Drugs as Media, Medium as Drug - call for book chapters
Call for Papers Date:
“Drug as Medium, Medium as Drug” call for book chapters.
Seeking several additional contributors for a book contracted for publication in 2011 with Continuum Press.
Especially interested in proposals from individuals with experience in the medical, pharmacological or clinical fields who bring an empirical perspective to the medium-as-drug/drug-medium idea.
Possible inclusion of a section on media addiction (several chapters).
See title, description and TOC (to date) below:
Drug as Medium, Medium as Drug: communication, consumption and consciousness (tentative title)
Humans live in both physical and symbolic spaces. This book is about how we live in media, how drugs are media, and how we “inhabit” both media and drugs as experiential systems that enable and constrain us in various ways.
Taking seriously the idea that media are environmental and therefore structure what people can see, say and do, we should also consider the ways we “inhabit” drugs, and the extent to which various pharmaceuticals function as constitutive environments for the people who use them. Like many communication media – indeed, as mediators of experience and perception – a host of recreational, ceremonial, and medical drugs (e.g., sexual dysfunction, attention deficit, anti-depressant and anti-anxiety drugs) prompt certain ways of thinking, feeling, and behaving.
Contributors to this volume consider how drugs function as communication technologies; literally media in and for the human sensorium. That is to say, drugs are considered communication media in a practical sense, not merely in the metaphorical way they tend to be discussed in the popular press.
Offering one early take on this, Lewis Mumford, a pioneer in Media Ecology, recognized a relationship between technology, chemicals and biology. Here Mumford foreshadows developments in pharmaceutical forms of birth control that had not yet come to pass:
Plainly, Marx was in error when he said that machines told more about the system of production that characterized an epoch than its utensils and utilities did: for it would be impossible to describe the neotechnic phase without taking into account various triumphs in chemistry and bacteriology in which machines played but a minor part. . . The movement of limbs is more obvious than the process of osmosis: but they are equally important in human life; and so too the relatively static operations of chemistry are as important to our technology as the more obvious engines of speed and movement. Today our industry owes a heavy debt to chemistry: tomorrow it may incur an even heavier debt to physiology and biology: already, in fact, it begins to be apparent (Mumford, 1934; p. 234).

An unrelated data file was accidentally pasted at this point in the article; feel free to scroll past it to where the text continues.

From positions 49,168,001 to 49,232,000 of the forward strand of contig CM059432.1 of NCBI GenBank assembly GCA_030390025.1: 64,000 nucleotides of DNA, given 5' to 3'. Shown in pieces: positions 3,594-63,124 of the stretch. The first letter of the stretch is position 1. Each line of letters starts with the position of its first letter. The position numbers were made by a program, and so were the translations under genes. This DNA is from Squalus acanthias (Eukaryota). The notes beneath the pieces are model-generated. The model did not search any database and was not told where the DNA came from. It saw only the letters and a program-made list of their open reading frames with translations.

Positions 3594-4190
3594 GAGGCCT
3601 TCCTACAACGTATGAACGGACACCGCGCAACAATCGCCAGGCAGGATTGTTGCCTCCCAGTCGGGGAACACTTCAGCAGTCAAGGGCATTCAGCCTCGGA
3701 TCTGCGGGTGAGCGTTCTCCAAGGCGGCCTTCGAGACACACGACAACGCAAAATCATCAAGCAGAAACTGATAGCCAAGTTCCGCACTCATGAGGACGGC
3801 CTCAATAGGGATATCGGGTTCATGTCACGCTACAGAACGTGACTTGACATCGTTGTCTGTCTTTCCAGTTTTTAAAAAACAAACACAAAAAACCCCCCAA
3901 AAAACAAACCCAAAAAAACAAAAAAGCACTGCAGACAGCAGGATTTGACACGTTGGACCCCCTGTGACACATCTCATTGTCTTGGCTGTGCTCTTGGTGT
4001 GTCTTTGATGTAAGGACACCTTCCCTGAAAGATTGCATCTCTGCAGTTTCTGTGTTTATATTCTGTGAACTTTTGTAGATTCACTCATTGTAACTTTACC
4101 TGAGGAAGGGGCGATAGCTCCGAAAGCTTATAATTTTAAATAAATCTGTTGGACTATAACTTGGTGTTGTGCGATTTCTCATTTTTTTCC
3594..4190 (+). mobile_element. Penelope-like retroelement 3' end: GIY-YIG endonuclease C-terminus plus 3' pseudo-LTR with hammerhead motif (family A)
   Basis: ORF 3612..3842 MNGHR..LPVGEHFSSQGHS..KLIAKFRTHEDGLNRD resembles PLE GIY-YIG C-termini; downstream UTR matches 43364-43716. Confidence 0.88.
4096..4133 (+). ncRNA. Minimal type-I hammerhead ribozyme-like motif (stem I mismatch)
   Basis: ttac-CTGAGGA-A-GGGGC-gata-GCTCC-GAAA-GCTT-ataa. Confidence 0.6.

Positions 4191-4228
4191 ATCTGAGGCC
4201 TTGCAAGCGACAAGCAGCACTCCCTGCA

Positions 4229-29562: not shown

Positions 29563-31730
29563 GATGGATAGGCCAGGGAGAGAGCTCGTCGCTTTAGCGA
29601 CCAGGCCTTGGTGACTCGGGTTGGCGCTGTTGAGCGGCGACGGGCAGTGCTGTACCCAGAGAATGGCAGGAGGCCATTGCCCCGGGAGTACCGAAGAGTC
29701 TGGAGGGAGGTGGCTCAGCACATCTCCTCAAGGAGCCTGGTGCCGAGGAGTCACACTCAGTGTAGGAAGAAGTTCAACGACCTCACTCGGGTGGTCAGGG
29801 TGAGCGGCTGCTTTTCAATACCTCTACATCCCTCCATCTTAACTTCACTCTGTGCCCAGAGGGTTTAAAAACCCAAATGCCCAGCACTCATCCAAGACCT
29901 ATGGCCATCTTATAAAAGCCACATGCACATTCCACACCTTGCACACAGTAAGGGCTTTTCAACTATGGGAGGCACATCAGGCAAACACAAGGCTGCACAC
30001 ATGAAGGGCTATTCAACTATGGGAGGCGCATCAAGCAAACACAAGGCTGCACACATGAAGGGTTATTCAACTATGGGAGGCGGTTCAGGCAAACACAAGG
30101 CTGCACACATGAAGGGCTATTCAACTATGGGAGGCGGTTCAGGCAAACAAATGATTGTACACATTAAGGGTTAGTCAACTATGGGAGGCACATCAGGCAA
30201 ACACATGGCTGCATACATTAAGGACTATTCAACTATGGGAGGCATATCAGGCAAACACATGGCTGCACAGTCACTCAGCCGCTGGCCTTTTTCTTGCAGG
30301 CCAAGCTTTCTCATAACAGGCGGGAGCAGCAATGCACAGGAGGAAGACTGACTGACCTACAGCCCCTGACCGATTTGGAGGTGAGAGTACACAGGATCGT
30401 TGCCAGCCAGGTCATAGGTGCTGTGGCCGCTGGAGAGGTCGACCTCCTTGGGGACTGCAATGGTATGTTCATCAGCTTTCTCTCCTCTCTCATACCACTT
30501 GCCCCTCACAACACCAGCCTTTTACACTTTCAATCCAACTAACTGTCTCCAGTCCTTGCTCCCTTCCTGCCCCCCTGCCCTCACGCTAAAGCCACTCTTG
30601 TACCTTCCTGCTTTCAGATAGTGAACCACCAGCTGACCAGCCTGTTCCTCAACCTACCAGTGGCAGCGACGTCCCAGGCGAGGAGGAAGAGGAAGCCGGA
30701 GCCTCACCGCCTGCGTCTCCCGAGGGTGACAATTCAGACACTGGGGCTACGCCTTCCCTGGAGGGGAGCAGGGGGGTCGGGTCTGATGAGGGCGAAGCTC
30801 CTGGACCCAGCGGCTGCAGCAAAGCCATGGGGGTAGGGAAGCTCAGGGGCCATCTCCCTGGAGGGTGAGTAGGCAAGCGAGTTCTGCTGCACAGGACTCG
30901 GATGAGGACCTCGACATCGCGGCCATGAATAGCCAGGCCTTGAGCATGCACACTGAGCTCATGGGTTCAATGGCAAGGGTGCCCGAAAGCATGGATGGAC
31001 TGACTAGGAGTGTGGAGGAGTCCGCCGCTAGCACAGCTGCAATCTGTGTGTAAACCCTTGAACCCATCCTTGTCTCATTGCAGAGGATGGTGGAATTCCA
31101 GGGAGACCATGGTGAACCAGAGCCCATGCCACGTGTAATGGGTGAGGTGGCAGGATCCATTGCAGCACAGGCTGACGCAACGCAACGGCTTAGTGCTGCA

Since media ecology is generally concerned with the constitution of human consciousness, this meta-discipline should broaden its scope and consider the impact of drugs upon the development and current constitution of human consciousness.
But how do various pharmaceuticals function as constitutive, experiential environments for those who use them? Extending McLuhan’s observations regarding the reflexive and constitutive functions of conventional communication media, what are some of the ways we use drugs, and by the same token, drugs use us? Contributors adopt a “field view” or system-theoretic approach to understanding our media use as a kind of drug use and drug use as form of media use. Media and drugs are thus conceived as communicative tools that enhance and/or inhibit physical, social and symbolic experience – our ways of seeing and being in the world.
TOC (to date)
On the Functional Similarities between Drugs and Media
Part 1: Psychopharmacological approaches to Media Use
Perceptual Amplifiers and Inhibitors: Considering a Psychopharmacological Approach to Media Use
Altered States, Altered Traits, Altered Fates: Toward a Media Ecological Psychopharmacology
(one more contributor from the scientific/clinical professions sought for a contribution here)
Part 2: Medical and Pharmaceutical Perspectives on the Medium-as-Drug Idea
Balance and Imbalance in our Drug/Media Use
(at least one more contributor from the scientific/clinical professions sought for a contribution here)
Part 3: The Environmental properties of Media and Drugs
Drugs as Environments: Being Inside What is Inside Us
Drugs: The Intensions of Man
Part 4: Relationship and Identity Maintenance
Sex, Drugs, and Media Ecology
Inhabiting Erectile Dysfunction Drugs
(at least one more contribution here that considers the role of communication media in relationship and identity maintenance)
Part 5: Advertising as Diagnostics and Dissemination: Selling Drugs, Pushing Media
Pediatric Bipolar and the Media of Madness
Viagara and All That: the social-reconstruction of the male heterosexual lifecycle.
Media Pharmacists, Peddlers and Pushers: A Consumption-Orientation Model of Mass Communication
Reconsidering some parallel functions and effects of media use and drug use: and a few new prescriptions on the horizon
The deadline for the penultimate draft of the book going to publisher for final edits is Dec 30, 2010. Given this, the plan is to finalize the planned content/layout by mid-August.
Send chapter drafts, outlines or proposals to: email@example.com
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